Computers run the code we give them. Sometimes that code does what we expect, and sometimes it does not! However, the worst case is when the code contains exploitable mistakes that hackers can use to execute something unintended. Even if programmers carefully write code to protect against those attacks, there is another to consider: electromagnetic fault injection (EMFI). Using Colin O'Flynn's PicoEMP, anyone from researcher to hobbyist can zap a chip with EMI and potentially generate an exploitable fault!
"This PicoEMP project is not the ChipSHOUTER. Instead it's designed to present a "bare bones" tool that has a design optimization focused in rough order of (1) safe operation, (2) cost, (3) usability, (4) performance." — Colin O'Flynn
An EMFI attack generates a large electric field, causing hardware bits to flip. This attack type affects elements internal to a processor like its registers or static RAM. If you are new to the idea of an EMFI attack, this article written by O'Flynn is an excellent primer on them (and how to protect against it.)
PicoEMP's core analog circuit is a high voltage pulse generator. Transformers, intended for charging a photographic flashbulb, charge a high capacitance-value, low-ESR ceramic capacitor. The capacitor dumps its energy into an EM-field probe tip when activated. You have created an electromagnetic field interference attack with that seemingly simple action!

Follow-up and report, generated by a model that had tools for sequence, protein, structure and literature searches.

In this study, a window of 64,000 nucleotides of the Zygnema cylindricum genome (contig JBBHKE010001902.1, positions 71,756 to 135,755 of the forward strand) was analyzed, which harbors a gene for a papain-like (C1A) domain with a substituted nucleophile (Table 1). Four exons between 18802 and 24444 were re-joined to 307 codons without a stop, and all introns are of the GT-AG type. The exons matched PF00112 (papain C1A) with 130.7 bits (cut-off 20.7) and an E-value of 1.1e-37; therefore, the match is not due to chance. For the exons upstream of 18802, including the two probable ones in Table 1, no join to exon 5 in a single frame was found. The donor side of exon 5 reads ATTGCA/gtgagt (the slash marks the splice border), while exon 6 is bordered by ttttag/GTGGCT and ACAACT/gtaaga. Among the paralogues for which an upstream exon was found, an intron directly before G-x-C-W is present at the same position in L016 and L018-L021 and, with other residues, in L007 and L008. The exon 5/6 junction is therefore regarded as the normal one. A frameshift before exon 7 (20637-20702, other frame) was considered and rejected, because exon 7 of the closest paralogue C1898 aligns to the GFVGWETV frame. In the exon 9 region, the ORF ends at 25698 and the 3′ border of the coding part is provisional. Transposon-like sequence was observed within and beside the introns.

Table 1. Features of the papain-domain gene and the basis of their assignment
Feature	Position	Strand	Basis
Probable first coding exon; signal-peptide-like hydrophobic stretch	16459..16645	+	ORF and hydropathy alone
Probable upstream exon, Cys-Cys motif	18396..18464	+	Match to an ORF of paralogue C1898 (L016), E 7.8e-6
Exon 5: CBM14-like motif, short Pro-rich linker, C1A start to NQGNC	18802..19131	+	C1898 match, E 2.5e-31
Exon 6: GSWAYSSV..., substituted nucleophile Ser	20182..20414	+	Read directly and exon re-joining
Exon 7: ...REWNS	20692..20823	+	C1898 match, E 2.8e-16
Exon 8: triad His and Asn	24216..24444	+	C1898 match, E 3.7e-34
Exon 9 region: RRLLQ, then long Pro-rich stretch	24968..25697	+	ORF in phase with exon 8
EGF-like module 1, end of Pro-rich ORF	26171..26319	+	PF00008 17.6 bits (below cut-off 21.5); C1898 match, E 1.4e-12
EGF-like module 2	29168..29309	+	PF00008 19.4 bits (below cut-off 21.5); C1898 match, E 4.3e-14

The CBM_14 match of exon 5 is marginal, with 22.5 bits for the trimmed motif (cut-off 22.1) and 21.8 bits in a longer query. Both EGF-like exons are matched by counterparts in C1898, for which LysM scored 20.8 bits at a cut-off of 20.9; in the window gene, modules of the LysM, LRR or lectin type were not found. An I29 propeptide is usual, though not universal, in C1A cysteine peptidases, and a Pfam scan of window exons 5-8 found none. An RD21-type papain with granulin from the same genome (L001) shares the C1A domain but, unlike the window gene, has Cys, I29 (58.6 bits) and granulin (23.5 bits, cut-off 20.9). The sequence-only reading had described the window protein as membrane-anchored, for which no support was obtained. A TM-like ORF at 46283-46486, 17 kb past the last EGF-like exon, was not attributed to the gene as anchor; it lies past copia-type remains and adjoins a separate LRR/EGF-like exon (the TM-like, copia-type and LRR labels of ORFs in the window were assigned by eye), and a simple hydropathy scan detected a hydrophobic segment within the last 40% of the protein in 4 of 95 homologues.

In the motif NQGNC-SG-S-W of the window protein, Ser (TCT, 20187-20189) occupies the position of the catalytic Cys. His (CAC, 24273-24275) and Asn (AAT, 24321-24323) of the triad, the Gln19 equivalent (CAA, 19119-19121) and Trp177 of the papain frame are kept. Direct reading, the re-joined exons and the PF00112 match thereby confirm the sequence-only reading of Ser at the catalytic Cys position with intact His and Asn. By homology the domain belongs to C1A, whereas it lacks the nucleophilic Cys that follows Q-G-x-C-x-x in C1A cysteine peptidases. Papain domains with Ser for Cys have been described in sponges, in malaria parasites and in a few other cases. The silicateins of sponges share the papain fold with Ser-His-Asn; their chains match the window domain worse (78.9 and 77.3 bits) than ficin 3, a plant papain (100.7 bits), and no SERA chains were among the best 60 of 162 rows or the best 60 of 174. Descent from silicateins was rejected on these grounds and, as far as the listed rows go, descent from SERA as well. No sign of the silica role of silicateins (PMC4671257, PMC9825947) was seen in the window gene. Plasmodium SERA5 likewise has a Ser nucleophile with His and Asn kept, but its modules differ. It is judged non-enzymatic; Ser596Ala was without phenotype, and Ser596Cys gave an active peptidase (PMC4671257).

A key component is the tip, typically some coil form. For PicoEMP, you must build or source tips on your own. However, if you do create a tip, O'Flynn encourages pull requests to the PicoEMP project repository so that others can make them as well.
Stating the obvious, a high-voltage generator circuit such as this one can be dangerous if misused. Therefore, O'Flynn is upfront that PicoEMP should not be activated unless a protective shield covers the high-voltage generator.
With that warning stated, PicoEMP does contain some test points so you can verify its performance with a DMM or high-voltage oscilloscope probe. These, of course, should be used with extreme caution while the circuit is live!
Alternatively, if you need a professional-grade tool, NewAE Technology sells the ChipSHOUTER. Compared to PicoEMP, ChipSHOUTER provides a much higher voltage with adjustable output, faster recovery time, and probe tips.
O'Flynn says in the demo video that the plan is to sell a PCB with the surface mount components already attached. You would need to solder a Pi Pico to the board and attach a protective shield. Alternatively, the PCB Gerber files are available if you wish to have your own fabricated.
For more information, check out the PicoEMP repository.